Updated 5:49 p.m. | President Barack Obama waded into the debate about marijuana legalization in the District of Columbia, as well as budget and legislative autonomy, with a few provisions tucked into the fiscal 2016 budget proposal released Monday.
The proposal expands the District's ability to set its own budget and spend local funds, rolling back sections of Congress' 2015 spending package that targeted social policies in D.C., particularly the city-wide initiative that would legalize the possession and cultivation of small amounts of marijuana. In the 2015 spending bill enacted in December, a policy rider moved to block the initiative , which 70 percent of D.C. voters approved in November. The rider blocked federal and local funds from being used “to enact any law, rule, or regulation to legalize or reduce penalties associated with the possession, use or distribution” of marijuana. District officials argue the initiative can still go forward, despite the rider, because the initiative was enacted before the spending package became law. But, they also acknowledge that the rider prevents the District from using local funds to enact any legislation to regulate the tax and sales of marijuana.
However, the corresponding section in Obama's budget only blocks federal funds from being used to enact any such measures. So, under Obama's provision, the District could theoretically use local funds to enact and carry out a marijuana tax and regulatory structure, which District officials originally wanted to coincide with legalization of possession and cultivation.
"The President’s proposed FY16 budget would limit that prohibition to federal funds only, allowing the District to use local funds to enact laws or regulations to decriminalize or legalize the possession or use of such substances," D.C. Council budget director Jennifer Budoff wrote in an email Monday.
"It's great to see the president taking this subtle but important action to clear the way for the District to sensibly regulate marijuana," Tom Angell, chairman of Marijuana Majority, said in a statement. "Now it remains to be seen whether leaders in Congress will stand with the majority of the American people or if they'll do everything they can to protect failed prohibition policies."
Though there are several scenarios that could determine the fate of the marijuana initiative itself in the coming weeks, the District's marijuana policy will likely be part of the congressional appropriations debate over the next year. Rep. Andy Harris, R-Md., the policy rider's pre-eminent champion, said he expects Congress will work to block legalization once again.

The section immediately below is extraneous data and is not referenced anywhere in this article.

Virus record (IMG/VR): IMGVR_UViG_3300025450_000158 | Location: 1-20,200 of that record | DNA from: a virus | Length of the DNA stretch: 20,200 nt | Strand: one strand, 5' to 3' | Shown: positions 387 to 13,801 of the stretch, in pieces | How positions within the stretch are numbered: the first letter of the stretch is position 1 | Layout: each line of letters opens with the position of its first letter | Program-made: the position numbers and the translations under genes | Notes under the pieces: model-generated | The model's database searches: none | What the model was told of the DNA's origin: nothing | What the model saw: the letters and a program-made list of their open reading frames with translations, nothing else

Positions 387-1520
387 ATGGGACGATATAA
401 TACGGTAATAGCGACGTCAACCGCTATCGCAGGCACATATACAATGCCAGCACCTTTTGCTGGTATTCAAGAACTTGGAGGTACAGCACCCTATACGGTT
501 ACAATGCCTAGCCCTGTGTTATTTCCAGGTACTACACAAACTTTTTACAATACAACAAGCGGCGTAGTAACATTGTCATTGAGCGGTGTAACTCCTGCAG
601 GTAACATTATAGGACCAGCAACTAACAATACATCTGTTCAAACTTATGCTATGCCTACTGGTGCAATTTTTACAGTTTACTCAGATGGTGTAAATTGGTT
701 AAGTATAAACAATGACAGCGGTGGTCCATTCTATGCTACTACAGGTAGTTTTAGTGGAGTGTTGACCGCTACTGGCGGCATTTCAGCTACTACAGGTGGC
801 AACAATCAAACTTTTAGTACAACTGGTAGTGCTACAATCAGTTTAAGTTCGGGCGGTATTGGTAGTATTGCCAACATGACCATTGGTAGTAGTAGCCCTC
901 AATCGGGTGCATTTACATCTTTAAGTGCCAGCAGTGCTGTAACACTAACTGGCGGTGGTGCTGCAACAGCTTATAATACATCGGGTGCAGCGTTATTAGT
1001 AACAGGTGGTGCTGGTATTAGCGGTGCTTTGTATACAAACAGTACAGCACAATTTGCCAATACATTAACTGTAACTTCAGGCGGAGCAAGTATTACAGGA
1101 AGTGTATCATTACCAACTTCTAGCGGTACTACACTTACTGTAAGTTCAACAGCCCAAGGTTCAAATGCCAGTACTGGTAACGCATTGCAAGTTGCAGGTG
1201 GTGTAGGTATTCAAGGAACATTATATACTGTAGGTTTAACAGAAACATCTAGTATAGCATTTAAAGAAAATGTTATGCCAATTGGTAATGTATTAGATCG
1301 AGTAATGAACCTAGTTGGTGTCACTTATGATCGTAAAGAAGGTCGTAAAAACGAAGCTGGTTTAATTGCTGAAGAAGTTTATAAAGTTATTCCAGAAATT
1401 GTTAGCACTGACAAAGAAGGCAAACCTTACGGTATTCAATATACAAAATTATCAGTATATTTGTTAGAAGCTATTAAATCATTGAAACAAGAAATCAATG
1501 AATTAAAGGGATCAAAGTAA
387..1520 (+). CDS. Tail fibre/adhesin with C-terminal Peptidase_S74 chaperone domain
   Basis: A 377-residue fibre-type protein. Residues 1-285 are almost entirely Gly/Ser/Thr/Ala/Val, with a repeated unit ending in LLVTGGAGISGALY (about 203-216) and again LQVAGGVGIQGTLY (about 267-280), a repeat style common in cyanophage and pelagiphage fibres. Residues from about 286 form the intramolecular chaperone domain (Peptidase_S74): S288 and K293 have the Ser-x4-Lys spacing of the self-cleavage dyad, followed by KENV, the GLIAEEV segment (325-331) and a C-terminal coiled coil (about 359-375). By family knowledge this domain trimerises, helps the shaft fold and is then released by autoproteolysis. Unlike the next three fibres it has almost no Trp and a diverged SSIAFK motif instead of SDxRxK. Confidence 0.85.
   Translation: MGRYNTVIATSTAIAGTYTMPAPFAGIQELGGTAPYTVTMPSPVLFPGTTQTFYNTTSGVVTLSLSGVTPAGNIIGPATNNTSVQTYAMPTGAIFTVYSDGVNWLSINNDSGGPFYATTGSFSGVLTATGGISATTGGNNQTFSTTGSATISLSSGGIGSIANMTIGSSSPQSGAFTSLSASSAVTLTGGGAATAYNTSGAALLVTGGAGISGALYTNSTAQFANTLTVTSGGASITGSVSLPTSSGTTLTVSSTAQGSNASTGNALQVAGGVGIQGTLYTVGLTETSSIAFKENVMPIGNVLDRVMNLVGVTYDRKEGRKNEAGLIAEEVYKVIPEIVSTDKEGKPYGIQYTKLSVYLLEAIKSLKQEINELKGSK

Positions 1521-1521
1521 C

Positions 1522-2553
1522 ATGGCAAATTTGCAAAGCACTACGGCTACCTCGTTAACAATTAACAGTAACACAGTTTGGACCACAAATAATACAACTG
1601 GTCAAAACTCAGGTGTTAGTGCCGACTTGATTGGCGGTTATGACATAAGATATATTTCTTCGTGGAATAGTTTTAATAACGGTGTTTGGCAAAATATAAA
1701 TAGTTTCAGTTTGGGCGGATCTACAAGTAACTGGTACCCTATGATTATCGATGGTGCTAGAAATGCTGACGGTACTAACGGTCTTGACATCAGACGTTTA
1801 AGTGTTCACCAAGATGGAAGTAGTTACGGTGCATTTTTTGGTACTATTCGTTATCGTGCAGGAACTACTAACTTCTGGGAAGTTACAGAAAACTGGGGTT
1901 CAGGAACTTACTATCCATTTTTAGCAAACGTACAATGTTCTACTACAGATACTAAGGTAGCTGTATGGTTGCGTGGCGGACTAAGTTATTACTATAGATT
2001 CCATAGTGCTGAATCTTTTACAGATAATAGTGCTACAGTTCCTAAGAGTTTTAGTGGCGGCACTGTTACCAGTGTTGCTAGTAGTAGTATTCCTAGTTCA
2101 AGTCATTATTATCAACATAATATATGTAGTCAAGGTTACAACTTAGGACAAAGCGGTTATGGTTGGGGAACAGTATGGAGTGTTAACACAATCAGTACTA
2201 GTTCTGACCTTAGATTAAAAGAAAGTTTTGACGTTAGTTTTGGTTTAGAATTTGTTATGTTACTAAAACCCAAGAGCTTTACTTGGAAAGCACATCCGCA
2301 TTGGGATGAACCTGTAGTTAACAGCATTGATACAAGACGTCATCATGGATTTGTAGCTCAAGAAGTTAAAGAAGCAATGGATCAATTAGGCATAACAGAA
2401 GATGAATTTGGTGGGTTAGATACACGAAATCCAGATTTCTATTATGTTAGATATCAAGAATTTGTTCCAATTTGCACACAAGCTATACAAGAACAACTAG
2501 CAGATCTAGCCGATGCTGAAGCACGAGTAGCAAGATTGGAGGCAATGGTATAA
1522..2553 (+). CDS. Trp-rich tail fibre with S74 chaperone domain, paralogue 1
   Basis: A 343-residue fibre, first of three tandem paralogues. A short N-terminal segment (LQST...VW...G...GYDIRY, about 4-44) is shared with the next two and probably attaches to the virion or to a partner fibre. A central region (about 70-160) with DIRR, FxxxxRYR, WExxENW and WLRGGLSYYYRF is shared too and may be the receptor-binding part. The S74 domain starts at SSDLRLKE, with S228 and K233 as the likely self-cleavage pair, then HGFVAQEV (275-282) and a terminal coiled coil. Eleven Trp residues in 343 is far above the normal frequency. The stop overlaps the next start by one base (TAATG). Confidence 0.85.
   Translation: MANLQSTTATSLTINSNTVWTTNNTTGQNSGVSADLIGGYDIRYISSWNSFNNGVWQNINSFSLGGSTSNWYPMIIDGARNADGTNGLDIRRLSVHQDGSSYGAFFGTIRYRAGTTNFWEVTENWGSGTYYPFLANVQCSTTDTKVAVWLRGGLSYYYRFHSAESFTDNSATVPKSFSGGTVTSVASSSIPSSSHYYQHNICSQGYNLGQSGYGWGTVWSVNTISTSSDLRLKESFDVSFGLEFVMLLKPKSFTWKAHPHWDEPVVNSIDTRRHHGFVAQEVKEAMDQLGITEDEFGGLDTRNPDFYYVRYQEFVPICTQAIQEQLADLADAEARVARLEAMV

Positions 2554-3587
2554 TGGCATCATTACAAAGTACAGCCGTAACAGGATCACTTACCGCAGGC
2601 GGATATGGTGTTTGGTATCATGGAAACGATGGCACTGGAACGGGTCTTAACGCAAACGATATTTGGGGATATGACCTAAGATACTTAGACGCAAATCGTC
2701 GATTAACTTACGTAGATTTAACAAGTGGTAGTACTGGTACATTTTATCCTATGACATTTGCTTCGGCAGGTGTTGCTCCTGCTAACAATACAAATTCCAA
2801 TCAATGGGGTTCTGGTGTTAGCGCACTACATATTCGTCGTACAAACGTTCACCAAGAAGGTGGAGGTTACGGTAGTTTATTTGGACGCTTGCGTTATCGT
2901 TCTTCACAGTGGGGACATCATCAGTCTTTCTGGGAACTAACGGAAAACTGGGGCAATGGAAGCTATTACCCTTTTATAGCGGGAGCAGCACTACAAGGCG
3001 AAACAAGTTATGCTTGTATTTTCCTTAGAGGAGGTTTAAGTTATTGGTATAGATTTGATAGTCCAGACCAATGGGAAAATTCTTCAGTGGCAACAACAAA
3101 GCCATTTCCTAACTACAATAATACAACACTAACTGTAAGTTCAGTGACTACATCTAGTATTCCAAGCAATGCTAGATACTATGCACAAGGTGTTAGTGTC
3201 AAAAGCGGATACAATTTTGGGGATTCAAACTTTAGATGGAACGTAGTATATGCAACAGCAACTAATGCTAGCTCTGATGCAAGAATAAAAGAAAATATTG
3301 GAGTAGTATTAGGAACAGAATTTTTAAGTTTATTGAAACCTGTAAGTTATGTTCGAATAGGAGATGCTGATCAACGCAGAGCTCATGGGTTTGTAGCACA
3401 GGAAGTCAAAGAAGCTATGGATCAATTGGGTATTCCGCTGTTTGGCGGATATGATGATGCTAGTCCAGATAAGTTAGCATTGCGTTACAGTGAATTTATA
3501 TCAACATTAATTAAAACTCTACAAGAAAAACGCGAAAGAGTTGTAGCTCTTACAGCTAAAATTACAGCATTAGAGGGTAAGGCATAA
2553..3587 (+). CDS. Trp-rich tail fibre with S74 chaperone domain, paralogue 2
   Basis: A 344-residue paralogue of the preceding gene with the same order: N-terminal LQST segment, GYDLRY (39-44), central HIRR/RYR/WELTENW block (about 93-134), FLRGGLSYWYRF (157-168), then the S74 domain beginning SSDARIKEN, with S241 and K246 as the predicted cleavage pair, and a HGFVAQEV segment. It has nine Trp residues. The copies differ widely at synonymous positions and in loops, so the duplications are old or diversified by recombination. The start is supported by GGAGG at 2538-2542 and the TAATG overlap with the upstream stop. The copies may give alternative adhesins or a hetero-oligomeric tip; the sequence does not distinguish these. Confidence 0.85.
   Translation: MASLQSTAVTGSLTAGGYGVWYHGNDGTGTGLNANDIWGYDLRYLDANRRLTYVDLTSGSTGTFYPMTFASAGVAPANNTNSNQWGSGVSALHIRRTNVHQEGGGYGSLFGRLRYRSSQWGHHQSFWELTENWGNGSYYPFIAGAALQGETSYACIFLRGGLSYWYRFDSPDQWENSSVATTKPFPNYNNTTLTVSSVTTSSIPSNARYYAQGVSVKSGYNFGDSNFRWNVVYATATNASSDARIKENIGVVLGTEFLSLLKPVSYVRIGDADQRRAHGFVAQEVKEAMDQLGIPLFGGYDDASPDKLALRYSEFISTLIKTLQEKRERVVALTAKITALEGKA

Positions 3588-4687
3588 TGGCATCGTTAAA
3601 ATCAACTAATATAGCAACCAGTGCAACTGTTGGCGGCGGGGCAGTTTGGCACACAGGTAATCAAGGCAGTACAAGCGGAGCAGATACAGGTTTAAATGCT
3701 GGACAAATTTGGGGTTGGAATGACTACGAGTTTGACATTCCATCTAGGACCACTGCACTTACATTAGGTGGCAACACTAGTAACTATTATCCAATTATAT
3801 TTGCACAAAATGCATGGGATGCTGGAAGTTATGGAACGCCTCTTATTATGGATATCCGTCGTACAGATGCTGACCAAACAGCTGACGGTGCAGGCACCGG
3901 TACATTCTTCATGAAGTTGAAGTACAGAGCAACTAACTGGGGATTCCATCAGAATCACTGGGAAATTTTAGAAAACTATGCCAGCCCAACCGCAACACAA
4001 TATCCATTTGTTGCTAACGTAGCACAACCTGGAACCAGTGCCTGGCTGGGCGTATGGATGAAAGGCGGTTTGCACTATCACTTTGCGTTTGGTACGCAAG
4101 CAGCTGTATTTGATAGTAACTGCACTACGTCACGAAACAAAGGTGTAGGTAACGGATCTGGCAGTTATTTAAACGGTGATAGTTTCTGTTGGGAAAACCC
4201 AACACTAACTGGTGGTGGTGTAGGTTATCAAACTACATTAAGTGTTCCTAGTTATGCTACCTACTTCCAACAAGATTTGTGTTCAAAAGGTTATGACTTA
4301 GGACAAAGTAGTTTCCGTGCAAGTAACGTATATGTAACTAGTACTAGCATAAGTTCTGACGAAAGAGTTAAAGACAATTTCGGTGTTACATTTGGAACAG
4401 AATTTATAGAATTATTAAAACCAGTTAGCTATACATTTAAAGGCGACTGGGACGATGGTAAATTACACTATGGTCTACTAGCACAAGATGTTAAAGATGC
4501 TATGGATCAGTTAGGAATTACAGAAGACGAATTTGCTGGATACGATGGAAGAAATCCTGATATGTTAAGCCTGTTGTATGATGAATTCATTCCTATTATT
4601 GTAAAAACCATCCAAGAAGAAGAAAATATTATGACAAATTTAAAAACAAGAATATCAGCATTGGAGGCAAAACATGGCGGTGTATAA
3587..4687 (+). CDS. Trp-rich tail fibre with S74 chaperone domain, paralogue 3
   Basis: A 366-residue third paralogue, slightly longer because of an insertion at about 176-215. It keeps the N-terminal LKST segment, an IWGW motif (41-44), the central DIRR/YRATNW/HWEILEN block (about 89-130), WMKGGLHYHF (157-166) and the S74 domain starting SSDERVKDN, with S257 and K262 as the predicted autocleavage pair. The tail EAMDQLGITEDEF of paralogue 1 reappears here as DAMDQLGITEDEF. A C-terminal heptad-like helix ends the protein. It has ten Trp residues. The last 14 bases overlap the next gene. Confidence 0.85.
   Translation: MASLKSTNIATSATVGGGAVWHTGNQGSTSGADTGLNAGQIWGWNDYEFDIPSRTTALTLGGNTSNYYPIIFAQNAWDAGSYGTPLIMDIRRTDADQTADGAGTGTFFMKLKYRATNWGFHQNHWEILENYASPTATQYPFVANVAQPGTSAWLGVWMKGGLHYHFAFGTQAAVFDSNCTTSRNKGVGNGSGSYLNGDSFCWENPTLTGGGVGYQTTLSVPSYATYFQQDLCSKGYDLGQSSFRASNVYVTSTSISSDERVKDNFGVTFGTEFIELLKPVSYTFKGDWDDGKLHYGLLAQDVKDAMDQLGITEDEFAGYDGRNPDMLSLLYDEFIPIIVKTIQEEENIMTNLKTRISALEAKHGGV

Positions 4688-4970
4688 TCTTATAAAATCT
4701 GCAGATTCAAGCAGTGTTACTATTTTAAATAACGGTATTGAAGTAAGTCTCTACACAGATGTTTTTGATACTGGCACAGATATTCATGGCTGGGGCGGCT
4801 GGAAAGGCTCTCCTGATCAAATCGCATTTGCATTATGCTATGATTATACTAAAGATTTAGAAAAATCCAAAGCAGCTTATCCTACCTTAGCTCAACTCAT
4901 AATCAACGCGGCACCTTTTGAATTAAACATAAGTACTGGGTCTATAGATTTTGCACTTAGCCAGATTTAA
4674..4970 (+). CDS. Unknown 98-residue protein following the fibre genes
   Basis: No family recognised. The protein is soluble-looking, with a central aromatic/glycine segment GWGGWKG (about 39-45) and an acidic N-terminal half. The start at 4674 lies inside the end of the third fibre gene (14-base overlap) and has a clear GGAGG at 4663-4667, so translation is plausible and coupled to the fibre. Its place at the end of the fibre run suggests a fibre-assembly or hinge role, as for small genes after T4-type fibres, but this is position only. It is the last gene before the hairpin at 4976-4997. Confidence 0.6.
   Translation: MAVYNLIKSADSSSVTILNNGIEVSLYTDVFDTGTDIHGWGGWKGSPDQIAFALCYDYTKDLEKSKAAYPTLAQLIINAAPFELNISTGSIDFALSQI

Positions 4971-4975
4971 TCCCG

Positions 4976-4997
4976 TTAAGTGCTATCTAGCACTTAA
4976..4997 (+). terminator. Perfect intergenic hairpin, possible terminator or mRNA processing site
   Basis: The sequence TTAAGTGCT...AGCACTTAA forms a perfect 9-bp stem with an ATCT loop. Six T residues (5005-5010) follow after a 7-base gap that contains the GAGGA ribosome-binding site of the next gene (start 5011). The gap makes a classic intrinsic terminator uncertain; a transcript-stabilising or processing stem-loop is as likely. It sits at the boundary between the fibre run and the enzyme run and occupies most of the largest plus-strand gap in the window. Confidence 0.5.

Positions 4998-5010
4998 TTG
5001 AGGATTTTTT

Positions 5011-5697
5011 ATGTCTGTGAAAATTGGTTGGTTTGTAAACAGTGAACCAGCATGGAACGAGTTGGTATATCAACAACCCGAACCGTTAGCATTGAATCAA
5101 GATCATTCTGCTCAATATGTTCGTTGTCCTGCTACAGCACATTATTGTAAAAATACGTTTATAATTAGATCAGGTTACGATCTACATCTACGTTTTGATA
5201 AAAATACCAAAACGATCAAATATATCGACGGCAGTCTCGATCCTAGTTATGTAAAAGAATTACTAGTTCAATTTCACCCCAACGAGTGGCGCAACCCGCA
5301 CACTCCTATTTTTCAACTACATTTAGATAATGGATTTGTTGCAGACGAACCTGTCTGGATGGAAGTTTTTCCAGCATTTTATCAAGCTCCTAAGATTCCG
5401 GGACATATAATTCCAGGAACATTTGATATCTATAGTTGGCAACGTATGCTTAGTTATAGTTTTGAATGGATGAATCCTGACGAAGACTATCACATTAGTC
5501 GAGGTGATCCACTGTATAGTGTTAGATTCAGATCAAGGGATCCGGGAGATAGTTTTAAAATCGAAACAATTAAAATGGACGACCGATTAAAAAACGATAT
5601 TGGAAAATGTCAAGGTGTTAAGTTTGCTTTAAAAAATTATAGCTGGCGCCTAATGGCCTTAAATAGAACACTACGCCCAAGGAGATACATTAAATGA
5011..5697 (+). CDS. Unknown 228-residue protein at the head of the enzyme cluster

"Congress took action to stop enactment of legalization of marijuana in D.C," Harris said in a statement to CQ Roll Call Monday. "I believe the House will continue to support this language during the appropriations process this year."
In addition to marijuana legalization, Congress also sought to block the District from spending federal and local funds on abortions in the year-end spending package. But, Obama's budget limits that restriction to federal funds, thus allowing local funds to be spent on abortions.
However, Obama's proposal continues the ban on federal funds being used for the salaries or expenses of D.C's elected officials who lobby for D.C.statehood, or shadow representatives, and for safe needle distribution.
Once again, the president's administration voiced support of budget and legislative autonomy for the District of Columbia.
"Consistent with the principle of home rule, it is the Administration's view that the District's local autonomy should be enhanced and increased," wrote the budget's authors. "The Administration will work with Congress and the mayor to provide the District local budget and legislative autonomy, as proposed in the Budget."
The president inserted language supporting budget autonomy in the FY 2013 budget and endorsed legislative autonomy in the FY 2015 budget. Though a local referendum granting the District budget autonomy is wrapped up in a legal battle, Del. Eleanor Holmes Norton, D-D.C., introduced the Budget Autonomy Act of 2015 in the House in late January.
"We are grateful that the President again has demonstrated his support for D.C. to spend its local funds as it chooses without politically motivated congressional interference Norton said in a statement on Monday.
Although the president's provisions could come as good news for the District, Congress has the final say in the appropriations process. And, if past measures are any indication, the appropriations process will likely continue to be an avenue where federal lawmakers target D.C. social policies.
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